NYMC and Touro Host Eighth Symposium on COVID-19
New York Medical College (NYMC) and the Touro College and University System (TCUS) continued its series on COVID-19.
NYMC and TCUS continued the series on COVID-19 with its eighth symposium on December 3, “What have we learned? How can we use what we have learned?” A panel of faculty experts shared updates on COVID-19 including the progress made and the latest concerns including an astonishing 200,000 new cases reported in one day. “At New York Medical College and Touro College and University System, we set ourselves the task of providing up-to-date and objective information about the pandemic,” said Edward C. Halperin, M.D., M.A., chancellor and chief executive officer for NYMC, and provost for biomedical affairs for TCUS, who moderated the program.
Alan Kadish, M.D., president of NYMC and TCUS, welcomed the audience saying, “There is great news on vaccines and concerning news about the fact that the number of cases continues to increase. We hope today’s educational program will help the public understand where we are and help us put measures in place to finally get this pandemic under control.”
The topics of the symposium were especially timely. Robert Amler, M.D., M.B.A., dean of the School of Health Sciences and Practice and vice president for government affairs who served as former regional health administrator for U.S. Department of Health and Human Services and former medical epidemiologist for the Centers for Disease Control and Prevention (CDC), spoke on the risk of family gatherings during the holidays and the challenges of asymptomatic transmission, imperfect testing, complacency, exposures in transit and susceptible family members. “We’re all in this together but we still need to stay apart,” he said.
Westchester County Health Commissioner Sherlita Amler, M.D., M.S., FAAP, clinical associate professor of pediatrics, adjunct professor of public health and senior fellow for the Center for Disaster Medicine, went on to describe the roles of governors and local health commissioners during the pandemic including emergency powers, executive orders, public health laws and the Food and Drug Administration’s Emergency Use Authorization for vaccines and drugs.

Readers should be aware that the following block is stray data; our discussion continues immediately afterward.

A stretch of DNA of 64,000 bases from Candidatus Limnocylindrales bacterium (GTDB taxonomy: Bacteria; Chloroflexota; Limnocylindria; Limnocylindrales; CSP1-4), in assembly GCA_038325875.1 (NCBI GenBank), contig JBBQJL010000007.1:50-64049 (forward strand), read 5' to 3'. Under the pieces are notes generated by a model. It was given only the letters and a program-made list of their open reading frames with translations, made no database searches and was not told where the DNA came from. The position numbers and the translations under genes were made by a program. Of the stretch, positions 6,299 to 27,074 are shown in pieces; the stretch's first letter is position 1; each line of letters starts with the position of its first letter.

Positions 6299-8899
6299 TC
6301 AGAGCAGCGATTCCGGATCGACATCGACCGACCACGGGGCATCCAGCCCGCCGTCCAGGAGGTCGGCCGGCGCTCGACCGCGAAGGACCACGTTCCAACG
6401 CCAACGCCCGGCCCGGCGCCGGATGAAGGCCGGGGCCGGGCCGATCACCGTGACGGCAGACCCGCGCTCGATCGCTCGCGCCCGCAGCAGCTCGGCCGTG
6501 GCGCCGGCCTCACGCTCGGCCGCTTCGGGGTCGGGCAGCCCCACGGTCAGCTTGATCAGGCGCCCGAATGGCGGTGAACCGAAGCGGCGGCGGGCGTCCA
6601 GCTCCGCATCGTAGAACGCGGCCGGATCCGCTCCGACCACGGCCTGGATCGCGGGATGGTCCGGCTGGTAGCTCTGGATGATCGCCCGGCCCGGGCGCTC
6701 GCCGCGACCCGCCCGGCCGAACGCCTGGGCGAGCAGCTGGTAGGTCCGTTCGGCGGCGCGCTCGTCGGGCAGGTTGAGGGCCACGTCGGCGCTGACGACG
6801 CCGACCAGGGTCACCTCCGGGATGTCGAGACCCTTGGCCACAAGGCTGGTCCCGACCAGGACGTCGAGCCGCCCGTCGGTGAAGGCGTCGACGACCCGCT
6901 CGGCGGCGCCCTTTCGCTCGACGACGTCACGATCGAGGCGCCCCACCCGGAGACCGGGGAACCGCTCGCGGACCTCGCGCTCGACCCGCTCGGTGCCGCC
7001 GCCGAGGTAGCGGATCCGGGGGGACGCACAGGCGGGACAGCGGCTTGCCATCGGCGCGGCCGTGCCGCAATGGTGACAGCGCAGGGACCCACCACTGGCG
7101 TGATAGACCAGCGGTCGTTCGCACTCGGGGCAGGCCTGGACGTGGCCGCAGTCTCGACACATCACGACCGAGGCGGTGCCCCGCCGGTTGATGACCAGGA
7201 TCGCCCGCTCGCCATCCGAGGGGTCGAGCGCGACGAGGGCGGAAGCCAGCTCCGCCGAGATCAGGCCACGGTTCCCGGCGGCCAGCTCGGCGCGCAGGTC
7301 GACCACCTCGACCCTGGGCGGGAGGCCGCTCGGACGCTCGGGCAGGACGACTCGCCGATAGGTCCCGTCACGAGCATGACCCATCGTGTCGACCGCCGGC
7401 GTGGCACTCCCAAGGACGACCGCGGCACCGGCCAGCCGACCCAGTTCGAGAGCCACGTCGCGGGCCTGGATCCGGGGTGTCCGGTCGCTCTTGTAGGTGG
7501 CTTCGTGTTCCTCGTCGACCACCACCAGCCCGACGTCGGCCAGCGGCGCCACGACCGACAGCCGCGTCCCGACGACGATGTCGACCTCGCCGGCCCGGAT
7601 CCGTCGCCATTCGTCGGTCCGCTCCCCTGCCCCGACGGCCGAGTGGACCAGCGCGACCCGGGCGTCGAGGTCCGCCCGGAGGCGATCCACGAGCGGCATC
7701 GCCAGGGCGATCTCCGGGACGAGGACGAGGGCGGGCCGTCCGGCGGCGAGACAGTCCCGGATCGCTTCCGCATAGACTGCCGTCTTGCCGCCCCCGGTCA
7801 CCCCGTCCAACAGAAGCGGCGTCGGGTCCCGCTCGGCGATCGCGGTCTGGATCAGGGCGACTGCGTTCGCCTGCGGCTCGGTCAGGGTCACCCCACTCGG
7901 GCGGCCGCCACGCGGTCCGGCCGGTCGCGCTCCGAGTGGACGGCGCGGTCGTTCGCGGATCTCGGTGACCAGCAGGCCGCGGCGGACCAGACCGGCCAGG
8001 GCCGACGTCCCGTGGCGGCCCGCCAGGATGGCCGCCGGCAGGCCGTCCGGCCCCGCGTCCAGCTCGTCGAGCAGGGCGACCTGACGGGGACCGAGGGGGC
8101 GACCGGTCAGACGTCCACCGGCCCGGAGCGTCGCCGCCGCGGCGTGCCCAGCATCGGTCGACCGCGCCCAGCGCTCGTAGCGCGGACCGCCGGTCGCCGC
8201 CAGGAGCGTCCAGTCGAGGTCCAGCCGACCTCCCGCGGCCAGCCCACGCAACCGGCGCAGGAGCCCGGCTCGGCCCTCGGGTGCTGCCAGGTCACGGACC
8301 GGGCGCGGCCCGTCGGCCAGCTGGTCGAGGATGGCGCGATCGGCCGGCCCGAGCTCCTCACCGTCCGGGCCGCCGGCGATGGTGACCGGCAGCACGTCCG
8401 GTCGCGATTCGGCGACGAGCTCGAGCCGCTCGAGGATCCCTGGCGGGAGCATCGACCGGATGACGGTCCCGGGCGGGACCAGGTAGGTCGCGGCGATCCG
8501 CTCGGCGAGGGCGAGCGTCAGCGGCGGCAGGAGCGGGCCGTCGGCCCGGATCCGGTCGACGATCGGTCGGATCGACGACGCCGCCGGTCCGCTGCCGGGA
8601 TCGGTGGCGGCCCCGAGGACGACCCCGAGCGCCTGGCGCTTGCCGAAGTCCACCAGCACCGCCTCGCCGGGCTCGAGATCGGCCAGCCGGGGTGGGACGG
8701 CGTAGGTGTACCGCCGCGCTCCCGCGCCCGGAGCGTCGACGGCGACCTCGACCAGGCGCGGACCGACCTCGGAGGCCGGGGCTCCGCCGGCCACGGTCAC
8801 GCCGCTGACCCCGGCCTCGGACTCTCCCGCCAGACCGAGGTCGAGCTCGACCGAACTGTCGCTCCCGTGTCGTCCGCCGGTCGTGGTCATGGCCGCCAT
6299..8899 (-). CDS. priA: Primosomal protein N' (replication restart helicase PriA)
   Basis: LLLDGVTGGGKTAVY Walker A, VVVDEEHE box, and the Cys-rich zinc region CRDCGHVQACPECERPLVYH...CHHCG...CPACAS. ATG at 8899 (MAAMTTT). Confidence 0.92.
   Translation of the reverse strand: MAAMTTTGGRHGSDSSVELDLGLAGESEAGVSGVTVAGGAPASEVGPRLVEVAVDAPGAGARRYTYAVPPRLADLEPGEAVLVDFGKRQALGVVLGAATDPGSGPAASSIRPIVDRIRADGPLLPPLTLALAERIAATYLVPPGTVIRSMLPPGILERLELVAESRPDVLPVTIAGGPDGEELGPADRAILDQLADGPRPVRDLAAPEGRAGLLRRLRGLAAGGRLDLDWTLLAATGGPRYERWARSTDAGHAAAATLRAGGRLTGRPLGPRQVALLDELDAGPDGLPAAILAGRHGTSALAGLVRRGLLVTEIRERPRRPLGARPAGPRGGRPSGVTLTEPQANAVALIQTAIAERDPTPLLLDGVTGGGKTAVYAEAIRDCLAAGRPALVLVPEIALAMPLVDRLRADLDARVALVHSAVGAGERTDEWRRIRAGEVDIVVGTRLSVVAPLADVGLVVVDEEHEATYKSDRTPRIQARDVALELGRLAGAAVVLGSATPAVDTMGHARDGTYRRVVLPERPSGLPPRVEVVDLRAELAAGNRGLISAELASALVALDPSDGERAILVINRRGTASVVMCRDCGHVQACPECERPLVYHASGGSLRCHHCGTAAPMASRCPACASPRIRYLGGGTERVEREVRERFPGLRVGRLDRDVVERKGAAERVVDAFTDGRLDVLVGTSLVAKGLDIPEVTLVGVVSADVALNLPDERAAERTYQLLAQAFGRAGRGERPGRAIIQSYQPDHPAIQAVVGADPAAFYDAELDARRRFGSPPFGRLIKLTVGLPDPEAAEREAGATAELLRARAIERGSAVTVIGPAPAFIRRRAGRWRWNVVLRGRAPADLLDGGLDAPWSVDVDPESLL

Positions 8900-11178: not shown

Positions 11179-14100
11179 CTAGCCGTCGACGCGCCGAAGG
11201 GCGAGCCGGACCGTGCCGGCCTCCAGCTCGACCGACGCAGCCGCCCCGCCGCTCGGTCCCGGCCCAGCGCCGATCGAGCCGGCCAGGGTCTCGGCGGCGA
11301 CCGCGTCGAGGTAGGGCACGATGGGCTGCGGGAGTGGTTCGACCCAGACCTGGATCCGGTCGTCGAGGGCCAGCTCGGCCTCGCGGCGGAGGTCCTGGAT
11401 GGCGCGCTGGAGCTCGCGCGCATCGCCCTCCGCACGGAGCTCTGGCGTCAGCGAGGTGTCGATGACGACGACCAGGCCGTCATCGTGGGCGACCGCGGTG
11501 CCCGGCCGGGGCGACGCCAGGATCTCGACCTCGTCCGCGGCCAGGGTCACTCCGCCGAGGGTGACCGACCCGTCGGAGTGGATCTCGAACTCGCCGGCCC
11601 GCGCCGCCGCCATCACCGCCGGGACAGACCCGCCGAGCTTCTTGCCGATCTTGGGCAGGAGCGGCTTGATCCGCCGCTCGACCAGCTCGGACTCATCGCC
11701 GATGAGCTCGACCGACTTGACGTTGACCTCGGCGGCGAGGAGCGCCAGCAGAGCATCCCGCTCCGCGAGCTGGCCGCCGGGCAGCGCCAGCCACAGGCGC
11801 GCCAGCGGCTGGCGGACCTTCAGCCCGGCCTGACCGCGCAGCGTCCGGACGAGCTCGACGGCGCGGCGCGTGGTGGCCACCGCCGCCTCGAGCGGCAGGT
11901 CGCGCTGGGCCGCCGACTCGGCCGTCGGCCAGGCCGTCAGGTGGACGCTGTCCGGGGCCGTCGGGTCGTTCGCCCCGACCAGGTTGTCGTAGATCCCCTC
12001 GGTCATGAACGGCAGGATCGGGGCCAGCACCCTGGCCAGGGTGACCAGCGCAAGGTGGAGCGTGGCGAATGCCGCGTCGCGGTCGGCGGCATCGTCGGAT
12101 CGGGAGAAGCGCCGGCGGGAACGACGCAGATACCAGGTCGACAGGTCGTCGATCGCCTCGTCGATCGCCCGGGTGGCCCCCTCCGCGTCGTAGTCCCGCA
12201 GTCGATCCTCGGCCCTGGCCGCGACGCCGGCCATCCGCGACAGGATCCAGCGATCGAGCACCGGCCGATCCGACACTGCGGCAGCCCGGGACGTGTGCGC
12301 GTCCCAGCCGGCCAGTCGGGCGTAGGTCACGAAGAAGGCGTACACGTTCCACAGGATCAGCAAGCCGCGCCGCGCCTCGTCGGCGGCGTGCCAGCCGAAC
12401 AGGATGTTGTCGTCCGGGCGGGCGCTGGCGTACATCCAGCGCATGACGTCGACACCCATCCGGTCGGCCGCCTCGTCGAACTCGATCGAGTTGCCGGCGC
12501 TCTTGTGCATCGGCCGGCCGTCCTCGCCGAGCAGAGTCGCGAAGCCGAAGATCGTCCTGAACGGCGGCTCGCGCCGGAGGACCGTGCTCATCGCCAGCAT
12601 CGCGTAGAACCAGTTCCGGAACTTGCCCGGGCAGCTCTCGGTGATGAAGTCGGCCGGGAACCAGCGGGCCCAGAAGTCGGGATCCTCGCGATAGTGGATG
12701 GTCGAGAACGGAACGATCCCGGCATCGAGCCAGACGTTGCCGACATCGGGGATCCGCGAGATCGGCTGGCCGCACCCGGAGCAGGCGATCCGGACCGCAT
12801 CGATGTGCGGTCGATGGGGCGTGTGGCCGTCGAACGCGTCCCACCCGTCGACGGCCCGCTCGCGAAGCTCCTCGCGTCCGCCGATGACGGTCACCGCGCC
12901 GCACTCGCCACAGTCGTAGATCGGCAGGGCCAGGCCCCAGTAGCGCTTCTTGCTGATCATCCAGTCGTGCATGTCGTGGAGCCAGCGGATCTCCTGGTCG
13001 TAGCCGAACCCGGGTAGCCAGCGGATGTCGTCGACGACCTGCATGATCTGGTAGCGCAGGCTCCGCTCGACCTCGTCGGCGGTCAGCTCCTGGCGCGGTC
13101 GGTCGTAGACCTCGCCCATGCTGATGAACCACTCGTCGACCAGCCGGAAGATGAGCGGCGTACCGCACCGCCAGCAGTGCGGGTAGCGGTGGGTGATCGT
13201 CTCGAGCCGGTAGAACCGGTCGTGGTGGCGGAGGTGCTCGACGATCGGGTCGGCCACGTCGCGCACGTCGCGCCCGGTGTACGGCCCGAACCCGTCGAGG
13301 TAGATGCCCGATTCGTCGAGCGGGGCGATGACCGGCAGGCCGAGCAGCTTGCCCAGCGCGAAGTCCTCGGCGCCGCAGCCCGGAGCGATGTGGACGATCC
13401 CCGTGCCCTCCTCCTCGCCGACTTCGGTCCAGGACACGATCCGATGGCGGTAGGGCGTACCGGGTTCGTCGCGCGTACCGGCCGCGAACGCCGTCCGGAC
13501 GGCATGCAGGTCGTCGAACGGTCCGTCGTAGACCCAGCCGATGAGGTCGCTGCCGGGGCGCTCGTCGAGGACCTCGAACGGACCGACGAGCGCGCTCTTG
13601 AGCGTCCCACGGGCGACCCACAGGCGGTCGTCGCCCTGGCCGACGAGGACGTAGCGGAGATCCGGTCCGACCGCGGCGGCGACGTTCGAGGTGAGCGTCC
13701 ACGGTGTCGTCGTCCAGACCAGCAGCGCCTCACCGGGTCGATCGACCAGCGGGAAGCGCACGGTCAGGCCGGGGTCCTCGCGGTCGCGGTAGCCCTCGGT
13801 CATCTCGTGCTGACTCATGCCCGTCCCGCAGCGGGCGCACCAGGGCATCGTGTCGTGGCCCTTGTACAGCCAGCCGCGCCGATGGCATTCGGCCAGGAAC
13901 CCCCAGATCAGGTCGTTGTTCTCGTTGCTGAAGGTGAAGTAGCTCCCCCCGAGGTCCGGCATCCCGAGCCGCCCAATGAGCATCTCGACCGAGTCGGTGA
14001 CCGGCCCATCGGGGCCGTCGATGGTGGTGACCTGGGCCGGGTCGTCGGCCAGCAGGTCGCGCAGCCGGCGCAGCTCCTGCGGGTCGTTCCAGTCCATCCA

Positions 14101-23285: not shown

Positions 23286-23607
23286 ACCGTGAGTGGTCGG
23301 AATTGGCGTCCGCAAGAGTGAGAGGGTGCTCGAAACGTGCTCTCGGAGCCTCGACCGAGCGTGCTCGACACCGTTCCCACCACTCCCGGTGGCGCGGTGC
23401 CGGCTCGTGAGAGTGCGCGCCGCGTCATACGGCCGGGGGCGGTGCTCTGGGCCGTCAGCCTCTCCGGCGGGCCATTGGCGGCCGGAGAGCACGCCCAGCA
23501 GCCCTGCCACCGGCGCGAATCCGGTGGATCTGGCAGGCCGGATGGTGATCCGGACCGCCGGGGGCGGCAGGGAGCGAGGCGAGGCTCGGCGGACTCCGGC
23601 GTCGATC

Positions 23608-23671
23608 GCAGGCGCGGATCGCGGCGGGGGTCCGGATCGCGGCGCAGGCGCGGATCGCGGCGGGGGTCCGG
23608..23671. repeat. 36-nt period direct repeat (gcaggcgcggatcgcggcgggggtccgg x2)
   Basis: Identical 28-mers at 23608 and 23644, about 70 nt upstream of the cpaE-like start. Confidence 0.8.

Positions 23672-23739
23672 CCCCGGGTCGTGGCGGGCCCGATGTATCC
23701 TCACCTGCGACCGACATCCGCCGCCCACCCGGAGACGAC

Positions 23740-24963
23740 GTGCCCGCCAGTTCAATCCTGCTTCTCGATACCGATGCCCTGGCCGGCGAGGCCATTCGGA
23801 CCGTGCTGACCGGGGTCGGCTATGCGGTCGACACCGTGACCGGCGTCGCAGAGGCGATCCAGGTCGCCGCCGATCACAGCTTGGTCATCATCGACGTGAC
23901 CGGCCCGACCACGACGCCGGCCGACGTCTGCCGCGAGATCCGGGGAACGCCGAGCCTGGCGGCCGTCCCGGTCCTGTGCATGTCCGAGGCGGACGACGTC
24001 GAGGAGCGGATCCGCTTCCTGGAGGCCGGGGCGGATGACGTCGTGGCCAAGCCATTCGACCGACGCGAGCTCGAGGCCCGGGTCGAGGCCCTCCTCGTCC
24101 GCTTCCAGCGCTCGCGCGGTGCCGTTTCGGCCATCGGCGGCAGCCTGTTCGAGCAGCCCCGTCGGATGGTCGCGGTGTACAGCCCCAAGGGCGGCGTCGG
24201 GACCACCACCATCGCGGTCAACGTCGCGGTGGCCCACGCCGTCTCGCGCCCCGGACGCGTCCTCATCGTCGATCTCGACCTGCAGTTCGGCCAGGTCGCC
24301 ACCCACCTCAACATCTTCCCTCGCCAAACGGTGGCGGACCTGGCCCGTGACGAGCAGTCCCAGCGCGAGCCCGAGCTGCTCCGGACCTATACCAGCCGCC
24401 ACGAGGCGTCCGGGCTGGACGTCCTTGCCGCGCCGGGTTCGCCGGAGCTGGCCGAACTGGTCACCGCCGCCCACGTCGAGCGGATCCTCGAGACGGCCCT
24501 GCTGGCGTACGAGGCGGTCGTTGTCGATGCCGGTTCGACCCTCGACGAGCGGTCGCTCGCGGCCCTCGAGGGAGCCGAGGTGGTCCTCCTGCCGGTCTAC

The latest on a potential preventative nasal spray for COVID-19 was presented by Mill Etienne, M.D. ’02, M.P.H., FAAN, FAES, associate dean for student affairs and associate professor of neurology and of medicine. He described the nasal spray that blocks the absorption of SARS-CoV2 that is currently being tested in vivo.
An update on vaccine development and deployment was given by Kathleen DiCaprio, Ph.D., assistant professor of medical microbiology and immunology, Touro College of Osteopathic Medicine. She shared the latest on the top vaccine candidates, their efficacy studies, what is known about the short- and long-term effects of the vaccines and how long they will last.
Childhood development issues in the pandemic were addressed by Tami Hendriksz, D.O., professor and associate dean of academic affairs, Touro University California College of Osteopathic Medicine. She described the impact that mask-wearing may have on infants and young children including facial recognition skills, social interaction and speech recognition, as well as provided tips for overcoming these such as body language, exaggerated voice and eye gestures. She also described the impact of school closures on children including interrupted learning, poor nutrition, increased dropout rate, increased domestic violence and exploitation and social isolation.
Infectious disease specialist Marisa A. Montecalvo, M.D., director of student health services and professor of medicine, went on to describe the potential chronic sequelae, pathological conditions resulting from a prior disease, injury or attack of COVID-19, that may take the form of persistent infection but dormant, lingering symptoms, such as organ involvement resulting in chronic symptoms or immunologic sequelae of infection. While it is unknown if this may result in millions of Americans having a new pre-existing condition, Dr. Montecalvo stressed the importance of registries of patients to determine long-term sequelae.
Closing out the symposium was Neil Schluger, M.D., the Barbara and William Rosenthal Chair of the Department of Medicine, a co-author of a well-known study on the use of hydroxycholoroquine for treating COVID-19 published in The New England Journal of Medicine. He spoke on the proposed use of anti-biotic and anti-viral drugs versus anti-inflammatory and anti-cytokine drugs focusing on the use of hydroxycholoroquine and remdesivir as therapies.